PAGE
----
World Champion Viswanathan Anand played out a draw with Vassily Ivanchuk of Ukraine to maintain his sole lead after the end of the Morelia stint of the Morelia-Linares chess tournament here.
The Indian ace played it safe with white after Ivanchuk carried out a fine counter play in the middle game and even though the other three games ended decisively, it did not hamper Anand's status as the sole leader as nearest rival Levon Aronian of Armenia was outdone by Magnus Carlsen of Norway in a classic.
On a day when former World champion Veselin Topalov of Bulgaria made most of the opportunities against a luck-less Peter Leko of Hungary, Latvian-born Spaniard Alexei Shirov also played imaginatively to beat Teimour Radjabov of Azerbaijan.
At the half way stage in the category-21 event among eight players, Anand had 4.5 points to his credit and was followed by Topalov and Shirov a half point behind.
Another half point adrift were Carlsen and Aronian with 3.5 points each while Radjabov and Ivanchuk were now joint fifth on three points apiece. With just 2.5 points in his kitty, Leko was at the bottom of the tables.
The remaining seven rounds of the event will be played at Linares in Spain from February 28.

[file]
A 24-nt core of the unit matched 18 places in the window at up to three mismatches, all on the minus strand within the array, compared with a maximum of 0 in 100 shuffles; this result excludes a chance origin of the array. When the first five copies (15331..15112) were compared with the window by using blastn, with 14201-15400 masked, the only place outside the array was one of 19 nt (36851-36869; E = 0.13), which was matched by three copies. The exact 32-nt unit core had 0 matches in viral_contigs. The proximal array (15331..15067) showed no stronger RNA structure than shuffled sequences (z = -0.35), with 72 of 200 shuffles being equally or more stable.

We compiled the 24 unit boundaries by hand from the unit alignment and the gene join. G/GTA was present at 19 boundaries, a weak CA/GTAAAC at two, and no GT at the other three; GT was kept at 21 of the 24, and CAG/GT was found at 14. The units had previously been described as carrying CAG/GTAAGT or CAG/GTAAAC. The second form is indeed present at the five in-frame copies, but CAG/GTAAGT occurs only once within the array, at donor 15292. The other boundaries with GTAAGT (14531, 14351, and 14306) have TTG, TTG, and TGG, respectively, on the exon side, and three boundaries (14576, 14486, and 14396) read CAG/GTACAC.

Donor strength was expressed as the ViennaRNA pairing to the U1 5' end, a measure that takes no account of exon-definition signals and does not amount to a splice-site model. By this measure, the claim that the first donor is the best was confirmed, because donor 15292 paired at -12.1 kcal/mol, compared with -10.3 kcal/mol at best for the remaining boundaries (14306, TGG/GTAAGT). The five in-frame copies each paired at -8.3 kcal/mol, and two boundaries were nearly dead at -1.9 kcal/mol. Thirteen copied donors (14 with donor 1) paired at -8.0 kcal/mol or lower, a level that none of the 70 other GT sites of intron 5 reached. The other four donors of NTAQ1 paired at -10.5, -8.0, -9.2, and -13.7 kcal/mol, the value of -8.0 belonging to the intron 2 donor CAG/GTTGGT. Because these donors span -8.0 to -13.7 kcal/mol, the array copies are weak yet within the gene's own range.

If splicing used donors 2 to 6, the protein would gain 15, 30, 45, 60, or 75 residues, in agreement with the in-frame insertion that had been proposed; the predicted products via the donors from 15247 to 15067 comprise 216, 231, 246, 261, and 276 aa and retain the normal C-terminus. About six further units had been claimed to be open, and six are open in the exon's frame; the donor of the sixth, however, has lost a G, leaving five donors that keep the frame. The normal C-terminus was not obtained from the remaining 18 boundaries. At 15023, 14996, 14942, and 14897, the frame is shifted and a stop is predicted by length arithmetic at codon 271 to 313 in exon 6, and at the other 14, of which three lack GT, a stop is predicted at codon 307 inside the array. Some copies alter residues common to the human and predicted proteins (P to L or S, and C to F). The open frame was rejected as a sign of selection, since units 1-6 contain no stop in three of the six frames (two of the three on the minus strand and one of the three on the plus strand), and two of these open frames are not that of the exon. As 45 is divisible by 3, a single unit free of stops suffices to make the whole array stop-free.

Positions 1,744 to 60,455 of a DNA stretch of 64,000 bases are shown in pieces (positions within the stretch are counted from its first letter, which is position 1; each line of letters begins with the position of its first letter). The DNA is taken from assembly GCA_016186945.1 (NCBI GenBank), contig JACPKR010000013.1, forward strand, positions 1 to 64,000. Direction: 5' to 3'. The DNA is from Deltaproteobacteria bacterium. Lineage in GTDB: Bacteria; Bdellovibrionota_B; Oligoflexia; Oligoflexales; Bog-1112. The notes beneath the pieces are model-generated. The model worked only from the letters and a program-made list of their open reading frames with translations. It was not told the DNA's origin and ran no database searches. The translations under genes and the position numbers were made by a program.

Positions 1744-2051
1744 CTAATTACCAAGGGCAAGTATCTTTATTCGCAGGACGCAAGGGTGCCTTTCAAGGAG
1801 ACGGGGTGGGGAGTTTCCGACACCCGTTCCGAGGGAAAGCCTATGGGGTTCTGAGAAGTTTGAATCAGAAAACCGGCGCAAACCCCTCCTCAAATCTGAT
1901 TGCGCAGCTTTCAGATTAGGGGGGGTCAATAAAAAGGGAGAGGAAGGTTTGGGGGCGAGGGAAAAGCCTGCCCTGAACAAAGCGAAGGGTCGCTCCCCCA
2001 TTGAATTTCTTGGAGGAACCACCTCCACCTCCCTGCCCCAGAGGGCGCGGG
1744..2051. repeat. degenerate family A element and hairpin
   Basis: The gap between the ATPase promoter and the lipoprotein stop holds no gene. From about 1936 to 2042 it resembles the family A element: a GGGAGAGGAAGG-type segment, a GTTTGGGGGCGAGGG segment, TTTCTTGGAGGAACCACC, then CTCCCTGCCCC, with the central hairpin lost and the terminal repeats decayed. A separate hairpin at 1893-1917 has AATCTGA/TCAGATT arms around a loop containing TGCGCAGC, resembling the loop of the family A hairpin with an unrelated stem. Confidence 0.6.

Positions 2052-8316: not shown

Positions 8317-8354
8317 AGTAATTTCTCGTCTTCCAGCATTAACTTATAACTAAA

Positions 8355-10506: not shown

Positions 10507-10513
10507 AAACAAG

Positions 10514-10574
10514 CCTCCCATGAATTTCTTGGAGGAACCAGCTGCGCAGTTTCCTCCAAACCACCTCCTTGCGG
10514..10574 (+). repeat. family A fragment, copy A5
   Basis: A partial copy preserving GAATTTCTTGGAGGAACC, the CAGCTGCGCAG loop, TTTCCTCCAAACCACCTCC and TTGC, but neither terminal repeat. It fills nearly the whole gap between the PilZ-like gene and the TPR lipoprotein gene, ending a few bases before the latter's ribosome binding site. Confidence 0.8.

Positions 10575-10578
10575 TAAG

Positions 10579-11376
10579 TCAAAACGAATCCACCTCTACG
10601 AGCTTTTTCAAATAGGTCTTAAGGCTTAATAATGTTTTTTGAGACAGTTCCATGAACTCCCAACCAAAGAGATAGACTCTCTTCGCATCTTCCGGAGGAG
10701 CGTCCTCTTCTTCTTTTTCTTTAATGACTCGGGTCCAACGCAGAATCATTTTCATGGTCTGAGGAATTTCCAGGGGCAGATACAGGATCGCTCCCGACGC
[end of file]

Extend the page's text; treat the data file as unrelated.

Anand faced the Sicilian defense from Ivanchuk who opted for a Scheveningen set up. In the middle game, Anand rolled his king side pawns for a probable attack but the Ukrainian kept himself in contention with some timely manoeuvres leading to exchanges.
Anand decided against trying hard once his pawn structure on the queen side was fractured and the game was drawn after the players reached a rook and minor pieces endgame. The game lasted 31 moves.
Magnus Carlsen was in his elements in beating Aronian who played the black side of a Ruy Lopez opening. Carlsen came up with an opening surprise yet again to take Aronian out of routine opening theory and was successful when the Armenian took the bait transposing to a position akin to the Arkhengelsk variation.
Carlsen was on top once Aronian miscalculated and let his Knight travel to the edge of the board in white's territory with little support from other sources and Carlsen used his pieces well to trap the unwanted guest.
Once the knight was captured it was a matter of routine technique for Carlsen.
Topalov defeated Leko in a keenly contested game arising out of a Sicilian Najdorf. Leko erred in the middle game and lost his queen for two rooks at a crucial juncture after which there were little hassles for Topalov. The game lasted just 38 moves.
Shirov showed his penchant for complicated positions and defeated Radjabov with fine display. It was a King's Indian classical where Radjabov did not get his attack rolling on the king side. Shirov won a pawn and never looked back.